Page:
Keeping control over costs and compliance has never been so critical. In Luxembourg, defining new target operating models, adapting to a new operating environment and reshaping existing procedures or processes, as well as reconsidering IT infrastructure, systems and applications are permanent challenges for banks operating locally.
The digital maturity of Luxembourg banks is still lower compared to other European countries. However, they’re investing and putting their efforts into digitalisation and are still running the race for transformation to fully address customer expectations.
Technology continues to make its way through business operations and processes. It seems ironic but in the digital age, how banks interact with, and service, their customers is still the biggest differentiator. From anticipating a loan or a mortgage to the potential use of bank data to provide insights to support corporate clients’ business strategies, the method of delivery of these demands will be more embedded in businesses objectives.
In Luxembourg, according to our CEO survey over 80% of CEOs believe that AI will significantly change the way they do business, according to our 22nd CEO Survey – Luxembourg findings (see graphic below). We also have to take into account that AI will also impact client relations and help anticipate customer needs.
Directly related to technology’s impact, CEO’s are confronted with a need for higher skills and new types of expertise. 57% of Luxembourg’s CEOs stated that people costs are rising more than expected. This is impacting their capacity to innovate effectively as well as the quality of their customer experience.
In Luxembourg, hiring from competitors is common practice, but in turn it creates a rise in salary costs. Much like with global CEOs, Luxembourg CEOs see upskilling as the main solution to fix the talent gap. They struggle to recruit the right people with the right skill set, especially as technology is becoming a mandatory tool in financial services due to the growing customer demand. According to our latest Banking and capital markets trends 2019, we can’t forget that technology isn’t everything. While operations continue to become automated, machines aren’t able to replicate human traits. There’s a need for a human workforce with strong soft skills creativity, empathy and leadership to create balance with the digital world.
To tackle the skills gap and the impact technology has in specific industries and sectors, the ‘Digital Skills Bridge’ initiative was put into place in May 2018. It aims at providing technical and financial assistance to upskill employees in companies facing major technological disruptions.
What does the future look like?
Sustainable finance might have the potential to answer these and other important questions with regard to the future of the financial sector.
Sustainable finance has a long history – already in 1972, the report entitled, “The Limits to Growth” written by the Club of Rome, shifted the focus towards a sustainable economy. Considering sustainability in modern business, the COP 21 Agreement was signed in 2015 by 185 countries in Paris marking another turning point for sustainable finance. Since then, the joint commitment of many different stakeholders of ecosystems around the world (e.g. governments, regulators, international organisations, private institutions) has also started to involve the world’s financial sectors in the fight against climate change and to contribute to a more sustainable future.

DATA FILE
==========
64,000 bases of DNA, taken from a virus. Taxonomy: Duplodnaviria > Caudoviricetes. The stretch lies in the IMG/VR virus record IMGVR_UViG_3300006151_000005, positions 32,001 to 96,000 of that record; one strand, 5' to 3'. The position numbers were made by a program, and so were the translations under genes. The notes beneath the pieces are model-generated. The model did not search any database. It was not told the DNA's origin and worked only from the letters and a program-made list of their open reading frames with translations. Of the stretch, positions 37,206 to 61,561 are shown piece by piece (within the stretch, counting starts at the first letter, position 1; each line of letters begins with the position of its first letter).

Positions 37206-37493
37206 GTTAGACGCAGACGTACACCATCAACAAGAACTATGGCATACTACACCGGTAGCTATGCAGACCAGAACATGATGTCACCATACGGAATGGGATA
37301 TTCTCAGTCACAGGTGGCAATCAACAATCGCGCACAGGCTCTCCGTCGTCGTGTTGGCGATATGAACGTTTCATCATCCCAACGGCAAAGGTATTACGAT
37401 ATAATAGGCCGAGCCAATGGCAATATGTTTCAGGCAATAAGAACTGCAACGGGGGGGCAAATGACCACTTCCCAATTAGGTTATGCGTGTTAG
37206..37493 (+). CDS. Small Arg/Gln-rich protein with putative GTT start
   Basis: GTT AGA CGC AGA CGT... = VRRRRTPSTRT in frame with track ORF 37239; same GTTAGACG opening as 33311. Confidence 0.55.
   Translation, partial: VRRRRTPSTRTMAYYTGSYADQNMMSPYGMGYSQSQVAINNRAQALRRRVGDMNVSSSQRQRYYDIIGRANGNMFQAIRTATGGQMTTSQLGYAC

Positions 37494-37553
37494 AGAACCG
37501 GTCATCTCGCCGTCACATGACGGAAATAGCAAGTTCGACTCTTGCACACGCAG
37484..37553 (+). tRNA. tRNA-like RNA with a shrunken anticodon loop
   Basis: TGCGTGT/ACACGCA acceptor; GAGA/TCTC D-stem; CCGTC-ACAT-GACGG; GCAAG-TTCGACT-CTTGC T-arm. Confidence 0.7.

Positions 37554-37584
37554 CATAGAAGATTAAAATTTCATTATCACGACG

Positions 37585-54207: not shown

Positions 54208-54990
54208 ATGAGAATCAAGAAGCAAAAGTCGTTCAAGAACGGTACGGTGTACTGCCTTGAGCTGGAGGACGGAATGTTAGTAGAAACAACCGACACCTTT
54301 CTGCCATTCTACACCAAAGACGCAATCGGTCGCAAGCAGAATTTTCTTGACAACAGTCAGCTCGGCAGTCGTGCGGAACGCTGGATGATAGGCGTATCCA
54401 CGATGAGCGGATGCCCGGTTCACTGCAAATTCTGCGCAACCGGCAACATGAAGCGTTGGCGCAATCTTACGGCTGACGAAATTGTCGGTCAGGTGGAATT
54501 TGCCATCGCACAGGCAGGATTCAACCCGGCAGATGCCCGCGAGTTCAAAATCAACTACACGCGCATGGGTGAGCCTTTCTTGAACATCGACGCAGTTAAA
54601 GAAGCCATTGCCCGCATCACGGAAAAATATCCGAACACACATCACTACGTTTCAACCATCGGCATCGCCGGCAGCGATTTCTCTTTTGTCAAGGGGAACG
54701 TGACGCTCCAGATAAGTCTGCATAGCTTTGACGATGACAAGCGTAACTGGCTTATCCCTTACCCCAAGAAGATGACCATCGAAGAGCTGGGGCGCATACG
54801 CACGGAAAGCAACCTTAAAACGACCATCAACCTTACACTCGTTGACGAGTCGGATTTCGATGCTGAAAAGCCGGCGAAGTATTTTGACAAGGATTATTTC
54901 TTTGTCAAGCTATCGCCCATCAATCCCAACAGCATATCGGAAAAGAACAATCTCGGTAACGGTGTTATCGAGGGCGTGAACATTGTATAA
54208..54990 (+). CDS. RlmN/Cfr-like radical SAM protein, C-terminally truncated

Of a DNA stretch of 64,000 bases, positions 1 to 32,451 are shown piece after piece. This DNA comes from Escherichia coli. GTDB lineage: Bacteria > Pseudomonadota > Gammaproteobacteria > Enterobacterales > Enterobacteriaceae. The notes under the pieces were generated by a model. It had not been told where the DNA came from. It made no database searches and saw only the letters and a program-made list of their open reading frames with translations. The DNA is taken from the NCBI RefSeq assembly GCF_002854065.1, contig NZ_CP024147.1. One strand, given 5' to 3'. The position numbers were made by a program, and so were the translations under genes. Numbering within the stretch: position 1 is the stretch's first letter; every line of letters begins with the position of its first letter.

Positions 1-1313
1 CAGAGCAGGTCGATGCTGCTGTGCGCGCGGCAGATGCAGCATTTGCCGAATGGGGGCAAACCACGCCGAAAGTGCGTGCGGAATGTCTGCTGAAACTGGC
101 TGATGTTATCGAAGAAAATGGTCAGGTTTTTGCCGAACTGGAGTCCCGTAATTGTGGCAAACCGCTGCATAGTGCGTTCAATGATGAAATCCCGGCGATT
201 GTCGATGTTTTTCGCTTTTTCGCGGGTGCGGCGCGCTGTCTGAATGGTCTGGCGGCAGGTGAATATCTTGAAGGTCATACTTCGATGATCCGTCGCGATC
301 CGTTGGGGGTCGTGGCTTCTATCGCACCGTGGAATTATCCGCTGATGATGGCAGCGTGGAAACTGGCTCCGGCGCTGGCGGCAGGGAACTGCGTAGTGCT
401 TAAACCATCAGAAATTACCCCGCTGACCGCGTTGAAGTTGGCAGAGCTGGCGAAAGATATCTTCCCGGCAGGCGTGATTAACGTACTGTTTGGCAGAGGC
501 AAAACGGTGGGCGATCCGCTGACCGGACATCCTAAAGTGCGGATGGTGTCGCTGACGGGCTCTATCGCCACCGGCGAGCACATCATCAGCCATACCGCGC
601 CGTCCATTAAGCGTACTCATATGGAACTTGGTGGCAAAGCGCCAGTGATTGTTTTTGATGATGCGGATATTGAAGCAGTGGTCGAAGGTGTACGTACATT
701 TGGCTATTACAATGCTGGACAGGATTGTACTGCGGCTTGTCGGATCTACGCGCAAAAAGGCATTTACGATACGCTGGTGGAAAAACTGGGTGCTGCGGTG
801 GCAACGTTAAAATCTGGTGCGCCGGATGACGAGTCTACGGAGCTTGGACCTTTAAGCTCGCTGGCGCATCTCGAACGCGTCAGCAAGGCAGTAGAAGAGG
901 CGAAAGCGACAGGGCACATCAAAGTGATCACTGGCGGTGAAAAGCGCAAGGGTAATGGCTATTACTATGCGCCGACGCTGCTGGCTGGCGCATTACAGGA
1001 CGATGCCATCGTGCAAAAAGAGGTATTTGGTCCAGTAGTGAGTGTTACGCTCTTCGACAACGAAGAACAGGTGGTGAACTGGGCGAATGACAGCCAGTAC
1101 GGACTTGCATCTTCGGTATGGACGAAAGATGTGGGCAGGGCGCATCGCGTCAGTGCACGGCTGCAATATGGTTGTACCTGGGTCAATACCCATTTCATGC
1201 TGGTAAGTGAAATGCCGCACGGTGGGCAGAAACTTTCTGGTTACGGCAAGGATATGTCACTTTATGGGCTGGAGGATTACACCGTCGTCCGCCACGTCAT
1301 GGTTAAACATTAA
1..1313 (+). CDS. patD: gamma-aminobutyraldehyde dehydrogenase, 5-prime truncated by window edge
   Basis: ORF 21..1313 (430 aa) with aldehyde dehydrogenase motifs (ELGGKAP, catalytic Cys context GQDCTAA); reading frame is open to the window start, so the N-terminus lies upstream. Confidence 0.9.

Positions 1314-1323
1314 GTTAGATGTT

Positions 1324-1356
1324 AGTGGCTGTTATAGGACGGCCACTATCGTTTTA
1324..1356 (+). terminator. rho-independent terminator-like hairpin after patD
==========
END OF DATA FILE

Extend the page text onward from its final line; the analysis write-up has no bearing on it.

In particular, Luxembourg has developed into an international platform for sustainable, social and green finance. The latest Global Green Finance Index (GGFI) shows that Luxembourg ranks among the top Green Financial Centres worldwide and contributes to a more sustainable global economy. Forecasts made by GGFI indicate that Luxembourg’s sustainable finance offerings will improve significantly in the short- to medium-term.
Following the rising importance of sustainable finance, and as a contribution to the development of Luxembourg’s Financial Centre, the concept of Impact Banking has been developed. It aims to position Luxembourg’s banking sector as a front-runner in the field of Sustainable Finance.
The concept of Impact Banking will empower banks to utilise Luxembourg’s USPs – e.g. its globally unique financial ecosystem, its regulatory agility, its market access or its specialised human capital – to:
- Rapidly develop new – sustainable – business models, products and services;
- Actively shape and influence the development of new regulations in the field of sustainable finance;
- Benefit from the ‘first mover’ implementation of new EU regulations and requirements long before international competitors do; and
- Drive sustainable revenues within their group as sustainable finance competence centre.
One question remains, what is the future of sustainable finance?
Sustainable finance will take two different paths. On the one hand, sustainable finance will face an increasing professionalism. Sustainable business models will have to meet rising market specific and regulatory requirements. Intermediary financial companies have not only to assess their own actions in sustainability, but to differentiate between superior and inferior investment opportunities. On the other hand, risk factors resulting from climate change and European Commission rising social uncertainty needs to be assessed. Financial companies especially have to examine these risk factors on their debtor’s default probability and their climate adaptation abilities.
What we think
“Technology is changing our world and is embedded in everything we do, but it is people and humans who drive transformation in financial organisations. Our workforce in banks will strengthen their collaboration with technology and machines will never replace the empathy and creativity humans have. A “tech-savvy humanist workforce” is key for the future of banks.”
“One of the core success factors in developing sustainable business models will be the alignment of the corporate strategy and the investment approach with the product or service strategy in a credible manner. The access to new markets and client segments will drive the long-term value for future oriented market players in the field of sustainable finance. Fintech will ensure its efficiency.”
Stay tuned for our 22nd CEO Survey – Luxembourg findings, to be published 18 March 2019.